My friend’s little brother disappears and reappears a little while later to announce that the Lazer Tag part of this establishment is down another set of steps just inside the double-door of the party room. He says it’s not like a Lazer Tag where you shoot other people but one where you walk through a creepy, winding maze with rooms decorated to look like swamps and creepy New England sea-side towns and you shoot giant Lovecraftian monsters that jump out at you, supposedly like the fearsome wax beasts that stand along the side of the building. There are a lot of people walking up and down the boardwalk, a lot of people at this party, people always going up and down the stairs.

Some younger kid who senses from my looks that I’ll be sympathetic, approaches and hands me a laminated card that’s maybe 11” high by 6” wide. It’s divided into eight squares, each one depicting a portion of a screenshot from some NES game. The first 7 are all of different appearances of some piano-playing man in a suit and hat, sitting at a piano with a slim, flapper-looking babe next to him in a feather boa. The final shot is of a King Kong in a suit, presumably the final boss of whatever game the other pictures are from. The kid enthusiastically explains to me that this card is proof that the King Kong I saw at the airport was racist and wants me to agree with him. GZA, either bored or creeped out by this kid, quietly signals to me that he’s going to go check out that party. I try to politely shoo the kid with the laminated card away but he insists on explaining the entire ending sequence of this game to me in detail, how the piano man that appears innocuously in the background of several levels turns out to be the final boss, and how he and his flapper babe morph into giant King Kongs (their clothing grows to fit their new incarnations— his hat does, too) and how before you fight him he sings a song into mic while a spotlight shines on him.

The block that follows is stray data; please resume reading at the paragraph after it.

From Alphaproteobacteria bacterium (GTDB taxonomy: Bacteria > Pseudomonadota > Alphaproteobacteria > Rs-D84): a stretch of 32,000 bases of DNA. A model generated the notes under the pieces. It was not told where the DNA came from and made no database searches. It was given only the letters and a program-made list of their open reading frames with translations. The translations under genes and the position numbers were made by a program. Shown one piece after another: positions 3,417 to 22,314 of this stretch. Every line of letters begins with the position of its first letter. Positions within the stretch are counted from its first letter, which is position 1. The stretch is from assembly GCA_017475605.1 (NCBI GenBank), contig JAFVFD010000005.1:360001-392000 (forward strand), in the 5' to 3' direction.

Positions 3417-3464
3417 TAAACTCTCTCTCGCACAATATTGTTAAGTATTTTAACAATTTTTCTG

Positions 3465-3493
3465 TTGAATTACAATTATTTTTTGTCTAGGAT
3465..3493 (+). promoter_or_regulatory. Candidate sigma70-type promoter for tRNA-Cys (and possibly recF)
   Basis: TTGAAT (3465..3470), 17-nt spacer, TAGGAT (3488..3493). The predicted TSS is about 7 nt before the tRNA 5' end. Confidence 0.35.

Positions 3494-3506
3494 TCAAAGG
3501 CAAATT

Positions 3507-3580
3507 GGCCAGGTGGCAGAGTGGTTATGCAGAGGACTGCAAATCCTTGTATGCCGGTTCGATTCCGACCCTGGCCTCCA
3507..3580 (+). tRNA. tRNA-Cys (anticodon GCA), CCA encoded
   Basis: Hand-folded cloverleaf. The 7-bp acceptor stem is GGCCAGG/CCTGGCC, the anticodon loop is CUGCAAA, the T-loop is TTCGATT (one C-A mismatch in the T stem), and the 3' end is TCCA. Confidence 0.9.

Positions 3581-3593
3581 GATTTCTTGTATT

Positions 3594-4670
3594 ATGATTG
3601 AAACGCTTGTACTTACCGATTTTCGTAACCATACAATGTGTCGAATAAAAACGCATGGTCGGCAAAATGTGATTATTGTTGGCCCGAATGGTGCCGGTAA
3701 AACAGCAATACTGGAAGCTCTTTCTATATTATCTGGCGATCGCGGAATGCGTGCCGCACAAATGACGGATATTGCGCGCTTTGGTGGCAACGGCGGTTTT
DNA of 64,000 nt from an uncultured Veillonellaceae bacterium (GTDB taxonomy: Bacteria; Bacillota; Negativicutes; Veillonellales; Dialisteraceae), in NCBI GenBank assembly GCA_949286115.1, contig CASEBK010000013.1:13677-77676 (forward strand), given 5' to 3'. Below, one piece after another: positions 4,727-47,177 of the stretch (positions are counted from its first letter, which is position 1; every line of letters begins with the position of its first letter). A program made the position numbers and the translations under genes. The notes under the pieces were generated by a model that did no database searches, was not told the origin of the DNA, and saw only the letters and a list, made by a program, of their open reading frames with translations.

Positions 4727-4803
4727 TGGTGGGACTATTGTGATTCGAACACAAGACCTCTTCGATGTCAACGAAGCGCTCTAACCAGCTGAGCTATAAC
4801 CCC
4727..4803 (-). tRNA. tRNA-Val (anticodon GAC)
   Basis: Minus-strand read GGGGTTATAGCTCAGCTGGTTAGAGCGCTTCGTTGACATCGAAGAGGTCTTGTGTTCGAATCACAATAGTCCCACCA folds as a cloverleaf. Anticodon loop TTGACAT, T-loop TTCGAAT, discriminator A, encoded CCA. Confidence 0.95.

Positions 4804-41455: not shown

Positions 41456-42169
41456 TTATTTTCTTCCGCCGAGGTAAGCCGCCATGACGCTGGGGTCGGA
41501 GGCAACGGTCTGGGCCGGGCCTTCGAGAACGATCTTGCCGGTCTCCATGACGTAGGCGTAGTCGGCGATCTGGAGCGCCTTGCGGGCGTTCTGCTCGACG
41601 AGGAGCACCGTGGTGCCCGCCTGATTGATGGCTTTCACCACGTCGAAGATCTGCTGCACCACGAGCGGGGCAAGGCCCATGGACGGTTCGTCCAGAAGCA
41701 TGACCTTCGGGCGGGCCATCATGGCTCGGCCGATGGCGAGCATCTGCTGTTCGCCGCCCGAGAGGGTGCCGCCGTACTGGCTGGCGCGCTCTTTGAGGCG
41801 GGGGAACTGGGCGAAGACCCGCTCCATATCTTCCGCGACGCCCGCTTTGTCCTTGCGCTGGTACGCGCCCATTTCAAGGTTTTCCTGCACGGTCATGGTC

Then Yao Ming and his manager show up. I’m saved from the kid by Ming’s manager’s pushy insistence that she talk to me right away. Ming sits smiling at the picnic table with me, the manager remains standing, too caffeinated to sit. She reminds me of the favor Ming did me a year or two ago— one I didn’t ask for, I remind her, but Ming interrupts to explain how needlessly generous the favor was regardless. The manager continues to explain how Ming is going to be a master chef now and he needs me to return the favor by getting in touch with my “contacts” and getting him a cooking show on cable.